A Vision of Resistance: Peter Nestler, all images courtesy Deutsche Kinemathek. Still from Mülheim (Ruhr) (1964)

Known among a notable and notably small circle of filmmakers and cinephiles — most of them in Germany and Sweden — the wider film world is slowly getting its first look at Peter Nestler, a meticulous, poetic documentary filmmaker of time and its everyday echoes.

In his native Germany, Nestler has been celebrated by the likes of Jean-Marie Straub, Harun Farocki, and Hartmut Bitomsky, but neither their acclaim nor the increasing distinction of his work in documentary cinema — nuanced, yet exacting observations of politics, labor, oppression, and fascism that set him apart from his contemporaries not only in Germany, but much of the documentary scene of the post-war period — was previously enough to get his films much play, certainly not the sort he is currently enjoying.

Tate Modern presented the first major retrospective in the English-speaking world of Nestler’s work in November 2012, late recognition for the director, then 75. Now at age 80, The Film Society of Lincoln Center is continuing the gift-giving joy, presenting A Vision of Resistance: Peter Nestler, the first large retrospective dedicated to the filmmaker to be shown in the U.S., and Nestler himself is slated to be in person at a number of the screenings.

After 50 years and 60 films into his career, Nestler is just now enjoying a turn of very modest fame.

For a time, however, it was possible to think that Nestler was falling towards greater and greater obscurity, which was rather ironic for an artist whose films endeavor to redress the oversights of history, bringing the overlooked realities of oppression and place to greater notice. Nestler filmed his subjects so they may be seen, heard, known, and perhaps then changed — an approach Bitomsky has described as “finden, zeigen, halten” (finding, showing, holding). This practice of seeking and sharing stories, often focused on labor conditions, struggle, and historical wrongs, earned him a fair number of unfavorable critics, alongside the better known, favorable ones. From Greece (1965), which Nestler self-financed, was assailed with guffaws and brickbats for its perceived overly left-wing politics. One local paper called it a “communist botch-work.”

The film was effectively the end of any reliable German source of funding, and Nestler relocated to Sweden where he created works for SVT, the country’s public television broadcaster, while independently producing films on the side. But even there, Nestler came upon a limit. Får de komma igen? (1971), a film about neo-fascism in Germany and Austria, was suppressed by SVT, the subject of neo-fascism then being a thorny topic in Sweden. In an interview from 2012, Nester indicated “It [Får de komma igen?] was taken out [of the program] one day before the broadcast, because by then the board of directors had seen the film. It was a burning point that the social democracy had let the neo-fascism grow.”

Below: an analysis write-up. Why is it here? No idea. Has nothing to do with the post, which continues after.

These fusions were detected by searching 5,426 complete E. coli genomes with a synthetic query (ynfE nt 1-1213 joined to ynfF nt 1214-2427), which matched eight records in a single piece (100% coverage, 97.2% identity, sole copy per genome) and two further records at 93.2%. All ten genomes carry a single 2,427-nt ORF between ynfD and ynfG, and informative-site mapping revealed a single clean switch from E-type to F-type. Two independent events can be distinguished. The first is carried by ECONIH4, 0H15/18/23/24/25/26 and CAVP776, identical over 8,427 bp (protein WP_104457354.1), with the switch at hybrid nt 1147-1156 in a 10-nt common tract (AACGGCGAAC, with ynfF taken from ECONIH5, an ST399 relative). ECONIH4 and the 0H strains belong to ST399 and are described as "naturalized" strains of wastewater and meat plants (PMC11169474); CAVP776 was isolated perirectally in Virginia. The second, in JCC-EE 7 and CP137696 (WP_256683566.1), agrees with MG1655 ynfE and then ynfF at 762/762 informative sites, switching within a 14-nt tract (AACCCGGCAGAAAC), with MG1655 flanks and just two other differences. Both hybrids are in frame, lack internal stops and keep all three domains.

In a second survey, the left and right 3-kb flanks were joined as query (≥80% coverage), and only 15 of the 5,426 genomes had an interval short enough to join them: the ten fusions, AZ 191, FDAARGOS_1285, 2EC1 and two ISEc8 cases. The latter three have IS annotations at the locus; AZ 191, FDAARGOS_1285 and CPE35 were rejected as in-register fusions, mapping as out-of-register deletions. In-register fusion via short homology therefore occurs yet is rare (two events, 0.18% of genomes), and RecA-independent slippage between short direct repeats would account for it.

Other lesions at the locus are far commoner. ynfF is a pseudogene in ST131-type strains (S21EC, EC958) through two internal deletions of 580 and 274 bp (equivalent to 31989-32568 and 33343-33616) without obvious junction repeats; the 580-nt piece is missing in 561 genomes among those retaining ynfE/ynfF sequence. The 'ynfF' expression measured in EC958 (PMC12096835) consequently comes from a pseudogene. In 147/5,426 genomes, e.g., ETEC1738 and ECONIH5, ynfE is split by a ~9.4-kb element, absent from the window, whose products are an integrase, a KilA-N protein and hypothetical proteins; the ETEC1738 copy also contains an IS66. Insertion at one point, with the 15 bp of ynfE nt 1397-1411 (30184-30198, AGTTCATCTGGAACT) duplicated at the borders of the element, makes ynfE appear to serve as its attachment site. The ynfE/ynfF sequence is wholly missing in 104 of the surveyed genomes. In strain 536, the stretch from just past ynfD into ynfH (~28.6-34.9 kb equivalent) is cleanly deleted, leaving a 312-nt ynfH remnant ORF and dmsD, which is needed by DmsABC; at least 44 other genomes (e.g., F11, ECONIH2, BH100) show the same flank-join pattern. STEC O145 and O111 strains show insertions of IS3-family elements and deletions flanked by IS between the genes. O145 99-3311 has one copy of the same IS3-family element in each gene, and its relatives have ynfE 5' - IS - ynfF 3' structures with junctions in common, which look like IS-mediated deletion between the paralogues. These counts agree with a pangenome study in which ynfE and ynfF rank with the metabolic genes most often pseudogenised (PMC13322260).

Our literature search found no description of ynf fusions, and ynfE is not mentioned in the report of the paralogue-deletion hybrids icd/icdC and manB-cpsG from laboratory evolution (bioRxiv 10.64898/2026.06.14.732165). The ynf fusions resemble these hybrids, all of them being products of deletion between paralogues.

If you’ve never heard of his name or his films, then, it’s far from your fault. (In this country, another impediment is competition for his name. Google “Peter Nestler” and the first and more frequent results you’ll receive are links to his internet doppelgänger: an accomplished jump rope artist.)

Still from Am Siel (1962)

With nine programs (22 films) scheduled across five days, A Vision of Resistance is a packed, make-up-for-lost-time series. Though for the most part organized by subject and theme, the opening program starts things off with two of the filmmaker’s earliest films: Am Siel (1962) and Essays/Aufsätze (1963). From the beginning, Nestler already had a strong sense of the subjects and themes he would go on to explore for the next 50 years, as well as the formal directions he would take to explore them.

A documentary of a small village on the coast, Am Siel is narrated by an old dike (voiced by Robert Wolfgang Schnell), the sentient floodgate wondering, assuming, and thinking aloud about the land, sounding like a nostalgic, bitter, even post-modern waterway. Early on in the film the sluice reflects: “I don’t know whether the village liked being filmed.” Essays follows a group of children from a small village, revealing the accounts of their day at school as told by the children themselves. While occasionally acting as narrator in his films, Nestler often turns over the role of talking head to the people in the films, letting those in front of the camera speak for themselves. Showing signs of the observational generosity and formalist structures he would employ in much of his later works, these early films are tremendously assured, rigorous starts for the then 20-something, self-described “poor as church rats” filmmaker.